German Christmas Cookie: Elisenlebkuchen

Finallly! The PERFECT Lebkuchen Cookie.  If you’ve been reading my recipe posts, you know that I’ve been experimenting with various versions of the German Christmas Cookie: Lebkuchen.

lebkuchen elisenlebkuchen

Lebkuchen gingerbread men, hearts and stars and chocolate coated elisenlebkuchen on right

Lebkuchen originated in Nuremberg, and that gingerbread-style honey and molasses cookie with lots of spices, is the Nuremberg lebkuchen that I talked about last week. The spice mixture stays the same in all the versions of lebkuchen, and I also showed you how to make the lebkuchengewurz and other uses for it, just in case you get tired of cookies.

But this week I’m moving on to a naturally gluten-free cookie like nothing I have ever baked or eaten before.  This one is called the Elisenlebkuchen, and since it comes from Bavaria, is likely the one that my ancestors and Ken’s would have made. These cookies bear little resemblance to the gingerbready version in taste, texture or wow factor.

First you must become acquainted with Oblaten to make Elisenlebkuchen. These thin baking wafers ensure that your cookie will easily come off of the cookie sheet, will keep them uniform in size, and will keep them soft as they age to perfection. Oblaten are like edible paper, and unfortunately for people who want 100% gluten free cookies, they are made from wheat. Read on for some solutions for the Oblaten challenge.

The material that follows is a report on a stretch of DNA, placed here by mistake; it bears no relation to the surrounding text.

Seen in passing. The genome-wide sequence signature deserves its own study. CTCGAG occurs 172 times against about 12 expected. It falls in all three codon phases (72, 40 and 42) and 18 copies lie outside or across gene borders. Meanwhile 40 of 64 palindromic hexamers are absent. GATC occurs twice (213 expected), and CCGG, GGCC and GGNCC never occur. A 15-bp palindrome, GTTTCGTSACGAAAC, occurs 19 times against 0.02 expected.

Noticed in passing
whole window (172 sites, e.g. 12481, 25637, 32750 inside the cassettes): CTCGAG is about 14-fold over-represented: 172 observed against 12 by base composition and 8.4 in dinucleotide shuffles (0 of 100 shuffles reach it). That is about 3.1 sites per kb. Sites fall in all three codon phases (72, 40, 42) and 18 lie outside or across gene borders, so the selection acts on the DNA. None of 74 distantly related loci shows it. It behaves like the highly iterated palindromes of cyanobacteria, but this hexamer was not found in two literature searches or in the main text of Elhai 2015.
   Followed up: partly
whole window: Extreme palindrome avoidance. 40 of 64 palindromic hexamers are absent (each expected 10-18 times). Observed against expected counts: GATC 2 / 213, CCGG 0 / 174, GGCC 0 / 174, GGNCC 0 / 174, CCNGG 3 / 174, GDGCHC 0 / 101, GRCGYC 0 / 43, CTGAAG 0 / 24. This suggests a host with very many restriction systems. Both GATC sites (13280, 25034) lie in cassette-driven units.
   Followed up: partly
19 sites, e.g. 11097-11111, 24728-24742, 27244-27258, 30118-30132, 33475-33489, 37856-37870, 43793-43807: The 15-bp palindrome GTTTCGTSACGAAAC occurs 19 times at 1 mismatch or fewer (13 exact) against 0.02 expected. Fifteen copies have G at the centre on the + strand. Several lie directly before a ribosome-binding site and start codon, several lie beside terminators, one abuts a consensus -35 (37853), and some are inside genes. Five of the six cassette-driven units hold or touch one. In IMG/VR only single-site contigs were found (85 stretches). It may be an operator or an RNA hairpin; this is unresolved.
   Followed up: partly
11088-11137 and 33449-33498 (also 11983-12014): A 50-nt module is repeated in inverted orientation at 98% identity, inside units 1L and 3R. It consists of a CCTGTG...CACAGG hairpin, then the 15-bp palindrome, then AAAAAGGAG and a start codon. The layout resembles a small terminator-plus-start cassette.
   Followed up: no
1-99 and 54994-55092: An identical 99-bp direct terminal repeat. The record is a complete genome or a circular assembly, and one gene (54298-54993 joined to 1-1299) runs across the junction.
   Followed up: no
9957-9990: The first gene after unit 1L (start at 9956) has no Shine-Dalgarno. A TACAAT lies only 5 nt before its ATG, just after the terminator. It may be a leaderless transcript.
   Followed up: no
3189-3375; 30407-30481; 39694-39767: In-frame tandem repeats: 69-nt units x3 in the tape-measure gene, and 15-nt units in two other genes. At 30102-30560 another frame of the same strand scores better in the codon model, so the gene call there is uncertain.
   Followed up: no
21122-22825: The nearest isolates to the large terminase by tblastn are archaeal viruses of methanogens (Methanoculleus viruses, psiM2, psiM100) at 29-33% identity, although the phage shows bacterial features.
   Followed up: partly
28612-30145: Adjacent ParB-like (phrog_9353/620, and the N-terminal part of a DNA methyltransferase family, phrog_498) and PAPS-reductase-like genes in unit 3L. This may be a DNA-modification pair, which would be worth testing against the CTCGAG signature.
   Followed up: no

I’m betting that 98% of my readers have no Oblaten in their pantry. Don’t worry. It IS possible to make the lebkuchen without the Oblaten, I am told, but I didn’t try.

Without Oblaten: Oil the pan very well, and line with parchment paper, also oiled. When the cookies are baked, you want to glaze or cover with chocolate the BACK as well as the front of the cookie, in order to keep it soft and tasty.

With Edible Rice Paper:  This is the option to make the entire cookie gluten free. I made a dozen this way.  I bought squares of edible Rice Paper in the Vietnamese food section of the grocery, and cut them in rounds.  Rice Paper is a bit stiffer than Oblaten, but it does the job.

To Find Oblaten:

If there is a German grocer near you, of course that is the place to go. A German bakery or restaurant might be willing to sell you some. If not, you can order them on line as I did.  Amazon had them .  You can also get the edible rice paper baking squares on line or at an Asian grocery or some general grocery stores.

This Elisenlebkuchen is an authentic German recipe, so quantities are given in grams and ounces.  I bought a kitchen scale a couple years ago and find I use it more and more frequently. I only got in trouble with this recipe with the one ingredient I did not weigh–the eggs. But I’ll explain that in the notes and add some conversions that I hope will help if you do not have a kitchen scale.

Final note–I made my own candied citrus peel, and here they show off in a heritage footed bowl.

Candied citrus for elisenlebkuchen

Candied orange and lemon peel with chocloate in heirloom footed candy bowl.

Mach Spass! (Enjoy!)

German Elisenlebkuchen

Prep time 1 hour
Cook time 45 minutes
Total time 1 hour, 45 minutes
Allergy Egg, Tree Nuts
Dietary Gluten Free
Meal type Dessert
Misc Child Friendly, Pre-preparable
Occasion Christmas
Region European
Website Birgit's Daily Bytes
The authentic German Christmas cookie, Elisenlebkuchen is naturally gluten free.


  • 16.6oz sugar ((2 1/8 cup))
  • 6 eggs (1.9 oz each. (I found that 5 large eggs worked better))
  • 3 teaspoons lebkuchengewurz spice mix (or 1/2 tsp each cinnamon, cloves, coriander, allspice, nutmeg and cardamon.)
  • 1/2 teaspoon vanilla extract
  • 8.5oz Hazelnuts, coarsely chopped (1 3/4 C. Or use part or all almonds, pecans, or walnuts)